In the largest pediatric study to date reviewing Acute Stress Disorder (ASD) following a traumatic injury, results showed that 64.8% of children tested positive for ASD in the aftermath of a traumatic injury. ASD is the precursor to Post Traumatic Stress Disorder (PTSD). The study stems from a partnership between Le Bonheur Children’s Trauma Services Division and the BRAIN Center at the University of Memphis and was published in Trauma Surgery & Acute Care Open. The results of the study provide evidence of the link between traumatic injury and mental health distress symptoms in children and much-needed data to advocate for integrated mental health screening in the hospital setting at the time of an injury.
“We have a critical need for mental health screening and counseling services at the time of an acute pediatric trauma — these findings further highlight that need,” said Le Bonheur’s Medical Director of Trauma Services Regan Williams, MD. “Traumatic experiences can negatively affect long-term function and increase overall mental health distress in these kids without the proper mental health intervention.”
Investigators were awarded a grant to embed trauma mental health counselors in the Trauma division at Le Bonheur Children’s, thereby integrating mental health care with medical care at the bedside. This study was conducted as a needs assessment to identify the incidence and establish a baseline understanding of children who experience symptoms of acute stress disorder (ASD) after a traumatic injury. Previous pediatric studies of mental health and traumatic injury have focused on the development of post-traumatic stress disorder (PTSD), which requires symptoms to be present for at least one month for diagnosis. Screening for symptoms of ASD — avoidance, negative mood, hyperarousal and intrusive symptoms — allows for earlier intervention and prevention of the development of PTSD.
In the eight months of the study, 617 patients ages 2-18 years were screened using the Child Stress Disorders Checklist-Screening Form (CSDC-SF) — a four item self-report assessment adapted from the Child Stress Disorders Checklist (CSDC). The questions rate a child’s behaviors of avoidance, emotional distress and hyperarousal, with a score higher than one indicative of acute stress disorder. Patients were screened within 24 to 48 hours of admission to the hospital or at an outpatient clinic visit if they were discharged prior to screening. All patients received emotional support, psychoeducation and free outpatient counseling resources. Patients scoring one or higher were educated on coping mechanisms and potential risk factors of PTSD and were recommended for outpatient mental health services.
The average ASD score was 1.71 with 64.8% of children scoring one or higher. The percentages found in this study are significantly higher than previous studies, which researchers say may be attributed to the prolonged heightened stress response due to the COVID-19 pandemic.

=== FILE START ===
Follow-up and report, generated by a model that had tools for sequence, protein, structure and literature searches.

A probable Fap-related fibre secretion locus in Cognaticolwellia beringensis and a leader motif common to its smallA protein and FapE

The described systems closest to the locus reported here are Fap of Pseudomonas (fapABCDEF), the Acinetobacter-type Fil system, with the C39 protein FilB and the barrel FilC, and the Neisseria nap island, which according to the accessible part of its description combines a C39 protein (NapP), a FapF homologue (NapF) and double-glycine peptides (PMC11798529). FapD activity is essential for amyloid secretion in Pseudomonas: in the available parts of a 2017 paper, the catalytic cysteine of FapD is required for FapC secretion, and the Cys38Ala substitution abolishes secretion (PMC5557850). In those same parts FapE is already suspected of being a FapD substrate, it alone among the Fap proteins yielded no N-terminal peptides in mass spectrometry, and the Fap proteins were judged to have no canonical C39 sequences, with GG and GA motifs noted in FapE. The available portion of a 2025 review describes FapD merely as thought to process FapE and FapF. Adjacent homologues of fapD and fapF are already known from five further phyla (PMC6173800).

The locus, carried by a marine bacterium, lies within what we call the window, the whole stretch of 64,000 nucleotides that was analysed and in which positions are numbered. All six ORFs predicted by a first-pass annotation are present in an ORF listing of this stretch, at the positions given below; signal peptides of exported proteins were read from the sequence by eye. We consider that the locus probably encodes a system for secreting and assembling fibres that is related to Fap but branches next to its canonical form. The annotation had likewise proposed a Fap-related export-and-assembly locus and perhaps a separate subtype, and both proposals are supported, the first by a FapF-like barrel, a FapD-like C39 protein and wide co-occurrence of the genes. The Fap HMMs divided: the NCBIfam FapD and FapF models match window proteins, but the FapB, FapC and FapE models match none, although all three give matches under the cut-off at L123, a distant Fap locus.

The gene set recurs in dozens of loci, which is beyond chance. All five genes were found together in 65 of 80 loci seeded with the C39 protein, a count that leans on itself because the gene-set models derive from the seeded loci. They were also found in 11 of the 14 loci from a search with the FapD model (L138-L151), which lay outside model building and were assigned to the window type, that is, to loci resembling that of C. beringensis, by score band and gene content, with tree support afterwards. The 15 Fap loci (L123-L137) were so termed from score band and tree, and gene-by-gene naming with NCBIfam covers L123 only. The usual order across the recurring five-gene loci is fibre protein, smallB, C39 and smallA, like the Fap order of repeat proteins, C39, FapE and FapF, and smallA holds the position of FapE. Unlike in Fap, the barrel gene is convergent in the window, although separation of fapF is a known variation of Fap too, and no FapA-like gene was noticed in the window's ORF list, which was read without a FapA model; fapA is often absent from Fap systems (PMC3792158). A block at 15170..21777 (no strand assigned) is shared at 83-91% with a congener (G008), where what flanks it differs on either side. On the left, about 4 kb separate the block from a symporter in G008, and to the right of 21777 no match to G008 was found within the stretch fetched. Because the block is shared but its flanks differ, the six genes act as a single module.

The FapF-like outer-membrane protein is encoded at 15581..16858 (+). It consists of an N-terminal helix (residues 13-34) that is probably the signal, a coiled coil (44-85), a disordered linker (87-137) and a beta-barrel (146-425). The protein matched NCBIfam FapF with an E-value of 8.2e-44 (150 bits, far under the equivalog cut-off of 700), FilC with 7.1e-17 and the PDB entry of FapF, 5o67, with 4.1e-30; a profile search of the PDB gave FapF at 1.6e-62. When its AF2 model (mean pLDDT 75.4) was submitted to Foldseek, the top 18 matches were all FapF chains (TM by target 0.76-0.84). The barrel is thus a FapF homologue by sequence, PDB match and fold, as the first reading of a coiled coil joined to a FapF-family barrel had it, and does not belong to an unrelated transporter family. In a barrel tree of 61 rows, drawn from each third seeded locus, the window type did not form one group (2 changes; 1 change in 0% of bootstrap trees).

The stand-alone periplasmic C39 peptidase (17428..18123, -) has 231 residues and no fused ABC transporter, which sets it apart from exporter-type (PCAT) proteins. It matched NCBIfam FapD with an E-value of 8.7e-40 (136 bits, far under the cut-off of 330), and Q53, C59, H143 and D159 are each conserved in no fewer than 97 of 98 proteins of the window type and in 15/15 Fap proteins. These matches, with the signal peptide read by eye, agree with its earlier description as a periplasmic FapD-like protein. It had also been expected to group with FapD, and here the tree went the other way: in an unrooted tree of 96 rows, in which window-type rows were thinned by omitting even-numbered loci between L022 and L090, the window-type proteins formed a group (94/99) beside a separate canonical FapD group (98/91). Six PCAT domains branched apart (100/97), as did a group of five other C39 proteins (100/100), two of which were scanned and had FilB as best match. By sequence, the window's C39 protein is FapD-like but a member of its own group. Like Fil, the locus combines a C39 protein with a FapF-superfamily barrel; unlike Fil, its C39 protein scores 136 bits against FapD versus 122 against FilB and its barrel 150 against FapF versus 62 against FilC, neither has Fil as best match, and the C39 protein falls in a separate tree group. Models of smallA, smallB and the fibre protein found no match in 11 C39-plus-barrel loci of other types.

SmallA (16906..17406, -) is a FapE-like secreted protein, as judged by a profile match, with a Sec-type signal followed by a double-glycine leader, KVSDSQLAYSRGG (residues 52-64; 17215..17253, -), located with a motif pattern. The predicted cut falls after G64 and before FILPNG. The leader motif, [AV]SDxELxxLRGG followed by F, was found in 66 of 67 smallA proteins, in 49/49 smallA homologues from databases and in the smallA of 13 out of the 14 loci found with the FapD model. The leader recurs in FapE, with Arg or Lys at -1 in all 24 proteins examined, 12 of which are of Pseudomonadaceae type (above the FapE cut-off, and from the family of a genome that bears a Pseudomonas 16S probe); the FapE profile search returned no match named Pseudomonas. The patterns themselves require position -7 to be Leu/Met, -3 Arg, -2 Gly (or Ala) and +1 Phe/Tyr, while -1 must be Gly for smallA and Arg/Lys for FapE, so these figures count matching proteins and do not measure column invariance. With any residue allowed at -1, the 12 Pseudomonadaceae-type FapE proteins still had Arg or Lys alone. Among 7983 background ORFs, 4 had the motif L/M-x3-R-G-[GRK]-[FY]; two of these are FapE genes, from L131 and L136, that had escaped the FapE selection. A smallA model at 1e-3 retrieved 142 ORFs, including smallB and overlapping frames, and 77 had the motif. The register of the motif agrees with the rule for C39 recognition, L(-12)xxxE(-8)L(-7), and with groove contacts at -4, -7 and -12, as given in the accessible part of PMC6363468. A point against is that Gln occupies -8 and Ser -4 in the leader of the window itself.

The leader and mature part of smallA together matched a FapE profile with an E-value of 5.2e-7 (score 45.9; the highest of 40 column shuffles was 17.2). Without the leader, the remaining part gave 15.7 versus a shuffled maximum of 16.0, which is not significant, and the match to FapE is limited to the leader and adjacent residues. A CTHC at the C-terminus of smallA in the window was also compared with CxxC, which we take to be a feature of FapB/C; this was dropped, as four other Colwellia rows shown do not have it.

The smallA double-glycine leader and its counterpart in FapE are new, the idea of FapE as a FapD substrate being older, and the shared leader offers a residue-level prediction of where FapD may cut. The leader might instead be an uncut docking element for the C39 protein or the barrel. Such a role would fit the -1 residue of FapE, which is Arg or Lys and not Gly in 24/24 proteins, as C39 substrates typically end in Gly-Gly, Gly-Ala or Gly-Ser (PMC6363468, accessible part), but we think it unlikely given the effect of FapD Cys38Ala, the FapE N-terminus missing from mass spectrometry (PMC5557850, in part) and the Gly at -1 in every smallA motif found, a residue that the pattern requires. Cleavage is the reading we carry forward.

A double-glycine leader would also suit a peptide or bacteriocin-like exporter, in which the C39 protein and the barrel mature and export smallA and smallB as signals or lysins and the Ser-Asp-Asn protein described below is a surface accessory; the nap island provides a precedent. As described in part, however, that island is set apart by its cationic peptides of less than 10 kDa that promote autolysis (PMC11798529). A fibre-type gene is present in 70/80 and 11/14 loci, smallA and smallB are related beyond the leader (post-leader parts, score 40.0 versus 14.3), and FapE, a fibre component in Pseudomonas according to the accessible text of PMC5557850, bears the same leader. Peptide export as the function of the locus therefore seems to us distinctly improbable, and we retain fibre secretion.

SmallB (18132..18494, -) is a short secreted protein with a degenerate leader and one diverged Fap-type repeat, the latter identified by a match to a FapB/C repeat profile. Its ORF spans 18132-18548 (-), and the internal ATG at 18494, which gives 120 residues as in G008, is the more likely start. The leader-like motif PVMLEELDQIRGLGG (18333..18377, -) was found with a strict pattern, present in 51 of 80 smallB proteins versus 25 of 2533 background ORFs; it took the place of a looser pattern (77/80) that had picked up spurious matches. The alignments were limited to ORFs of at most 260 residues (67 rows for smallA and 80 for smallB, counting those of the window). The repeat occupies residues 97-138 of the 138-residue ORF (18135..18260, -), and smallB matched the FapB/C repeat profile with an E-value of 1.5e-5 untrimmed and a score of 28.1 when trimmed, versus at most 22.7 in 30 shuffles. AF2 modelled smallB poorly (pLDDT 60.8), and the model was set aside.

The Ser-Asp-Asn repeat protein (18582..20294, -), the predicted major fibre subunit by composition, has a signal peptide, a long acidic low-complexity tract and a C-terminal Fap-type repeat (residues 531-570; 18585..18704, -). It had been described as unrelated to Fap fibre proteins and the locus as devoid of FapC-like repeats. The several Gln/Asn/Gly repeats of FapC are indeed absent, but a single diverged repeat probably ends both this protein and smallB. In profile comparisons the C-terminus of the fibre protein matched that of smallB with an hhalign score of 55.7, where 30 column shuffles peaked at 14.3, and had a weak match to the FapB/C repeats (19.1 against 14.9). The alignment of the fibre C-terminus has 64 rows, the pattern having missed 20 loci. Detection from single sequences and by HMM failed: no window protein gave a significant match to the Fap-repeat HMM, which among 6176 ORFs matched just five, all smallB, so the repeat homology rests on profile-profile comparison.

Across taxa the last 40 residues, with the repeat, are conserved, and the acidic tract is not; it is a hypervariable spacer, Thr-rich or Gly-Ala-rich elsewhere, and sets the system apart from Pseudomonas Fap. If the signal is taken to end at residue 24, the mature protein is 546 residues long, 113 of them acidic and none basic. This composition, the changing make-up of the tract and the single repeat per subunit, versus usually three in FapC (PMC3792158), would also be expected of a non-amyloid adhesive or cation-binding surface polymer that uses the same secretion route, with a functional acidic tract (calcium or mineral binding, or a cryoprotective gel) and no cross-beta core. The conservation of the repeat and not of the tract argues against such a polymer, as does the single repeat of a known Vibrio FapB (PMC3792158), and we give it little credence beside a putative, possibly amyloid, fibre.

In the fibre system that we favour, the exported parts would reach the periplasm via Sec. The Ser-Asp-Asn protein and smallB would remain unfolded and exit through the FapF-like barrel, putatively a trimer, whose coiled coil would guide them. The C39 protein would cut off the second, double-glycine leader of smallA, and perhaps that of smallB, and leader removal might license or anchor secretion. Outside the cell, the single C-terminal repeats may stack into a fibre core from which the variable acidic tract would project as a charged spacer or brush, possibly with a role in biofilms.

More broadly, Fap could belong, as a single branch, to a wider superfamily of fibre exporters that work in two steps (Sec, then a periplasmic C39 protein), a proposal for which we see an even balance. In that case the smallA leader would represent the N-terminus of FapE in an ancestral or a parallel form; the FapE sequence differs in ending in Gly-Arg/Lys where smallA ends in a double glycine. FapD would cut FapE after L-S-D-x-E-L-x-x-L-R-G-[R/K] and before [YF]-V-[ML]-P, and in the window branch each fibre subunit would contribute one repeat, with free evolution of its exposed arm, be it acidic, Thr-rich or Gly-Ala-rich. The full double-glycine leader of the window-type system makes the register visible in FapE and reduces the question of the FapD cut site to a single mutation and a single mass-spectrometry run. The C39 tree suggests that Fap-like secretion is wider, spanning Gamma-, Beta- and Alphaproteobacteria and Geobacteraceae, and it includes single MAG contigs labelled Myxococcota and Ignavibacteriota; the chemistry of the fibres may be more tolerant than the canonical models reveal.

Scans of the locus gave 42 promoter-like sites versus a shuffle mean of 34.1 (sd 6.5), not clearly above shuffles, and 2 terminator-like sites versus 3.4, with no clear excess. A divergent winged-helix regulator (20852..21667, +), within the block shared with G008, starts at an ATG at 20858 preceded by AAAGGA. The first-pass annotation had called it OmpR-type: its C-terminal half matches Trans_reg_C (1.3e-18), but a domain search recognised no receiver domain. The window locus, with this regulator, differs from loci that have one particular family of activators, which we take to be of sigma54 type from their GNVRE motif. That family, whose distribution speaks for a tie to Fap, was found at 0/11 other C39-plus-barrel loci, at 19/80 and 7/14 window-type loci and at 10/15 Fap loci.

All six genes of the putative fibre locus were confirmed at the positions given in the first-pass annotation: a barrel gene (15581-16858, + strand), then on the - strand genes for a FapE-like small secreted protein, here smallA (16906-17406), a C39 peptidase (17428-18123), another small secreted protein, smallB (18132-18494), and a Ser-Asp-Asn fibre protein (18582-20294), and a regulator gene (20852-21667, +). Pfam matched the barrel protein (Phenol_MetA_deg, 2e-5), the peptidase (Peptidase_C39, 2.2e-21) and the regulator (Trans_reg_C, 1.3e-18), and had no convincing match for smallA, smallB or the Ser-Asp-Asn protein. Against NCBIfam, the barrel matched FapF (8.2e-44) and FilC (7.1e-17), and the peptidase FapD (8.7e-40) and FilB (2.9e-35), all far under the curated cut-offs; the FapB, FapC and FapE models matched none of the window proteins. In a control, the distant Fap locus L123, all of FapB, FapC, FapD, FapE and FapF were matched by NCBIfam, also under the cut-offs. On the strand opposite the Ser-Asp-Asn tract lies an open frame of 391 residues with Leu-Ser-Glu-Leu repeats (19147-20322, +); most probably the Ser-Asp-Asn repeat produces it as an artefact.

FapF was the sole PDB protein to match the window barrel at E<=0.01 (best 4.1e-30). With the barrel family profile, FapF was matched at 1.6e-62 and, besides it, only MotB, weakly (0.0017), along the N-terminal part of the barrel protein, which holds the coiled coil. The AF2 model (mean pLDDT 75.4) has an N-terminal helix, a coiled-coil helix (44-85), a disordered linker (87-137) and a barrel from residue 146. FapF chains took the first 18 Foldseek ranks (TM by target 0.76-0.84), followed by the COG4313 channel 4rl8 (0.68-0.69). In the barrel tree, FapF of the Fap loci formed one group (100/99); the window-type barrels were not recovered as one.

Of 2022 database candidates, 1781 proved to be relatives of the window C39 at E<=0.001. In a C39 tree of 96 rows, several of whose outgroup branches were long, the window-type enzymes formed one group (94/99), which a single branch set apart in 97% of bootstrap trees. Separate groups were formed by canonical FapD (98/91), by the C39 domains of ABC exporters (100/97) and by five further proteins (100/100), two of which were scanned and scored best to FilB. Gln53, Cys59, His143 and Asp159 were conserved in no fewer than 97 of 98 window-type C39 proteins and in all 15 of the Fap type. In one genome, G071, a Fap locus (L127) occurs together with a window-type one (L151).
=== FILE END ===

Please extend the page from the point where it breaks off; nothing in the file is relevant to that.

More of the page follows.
“The pandemic may have had a significant impact on the stress reaction kids have to further medical traumas,” said Eraina Schauss, PhD, founder and director of the BRAIN Center at the University of Memphis. “Having increased levels of stress for prolonged periods of time, combined with traumatic incidents, could lead to higher reported levels of acute stress.”
Older participants, females, motor vehicle collision patients and weapons-related patients experienced higher levels of ASD symptoms in the study. Discrepancies in scores between older and younger patients may reflect the elevated risk for exposure to traumatic events for adolescents and the concern of under reporting among caregivers for children in early childhood. Furthermore, the higher level of ASD in motor vehicle collision and weapons-related injury patients show a link between injury severity and increased mental distress.
“Our findings further support literature indicating that ASD is a prevalent reaction that children experience following an injury,” said Williams. “Proper screening, early identification and treatment can lead to improved mental health outcomes among children post-injury.”
Providing timely mental health intervention is crucial for several reasons, researchers say. Prolonged exposure to stress can lead to long-term negative impacts on a child’s mental health. Therefore, it is critical to develop mental and behavioral health counseling that is integrated with medical care at the time of the traumatic injury. This allows for proper screening, early identification and prompt treatment to mitigate the consequences of ASD and PTSD. This study provides evidence needed to advocate for these types of services in pediatric hospitals.
“Providing trauma-focused mental health counseling interventions in the aftermath of traumatic injury can mean the difference between developing adaptive coping strategies and mental wellness or experiencing days to years of ongoing suffering,” said Schauss.
Future research will examine ASD symptoms three months after injury to see if PTSD diagnoses were reduced with mental health intervention and assess the efficacy of various counseling interventions after traumatic injury.
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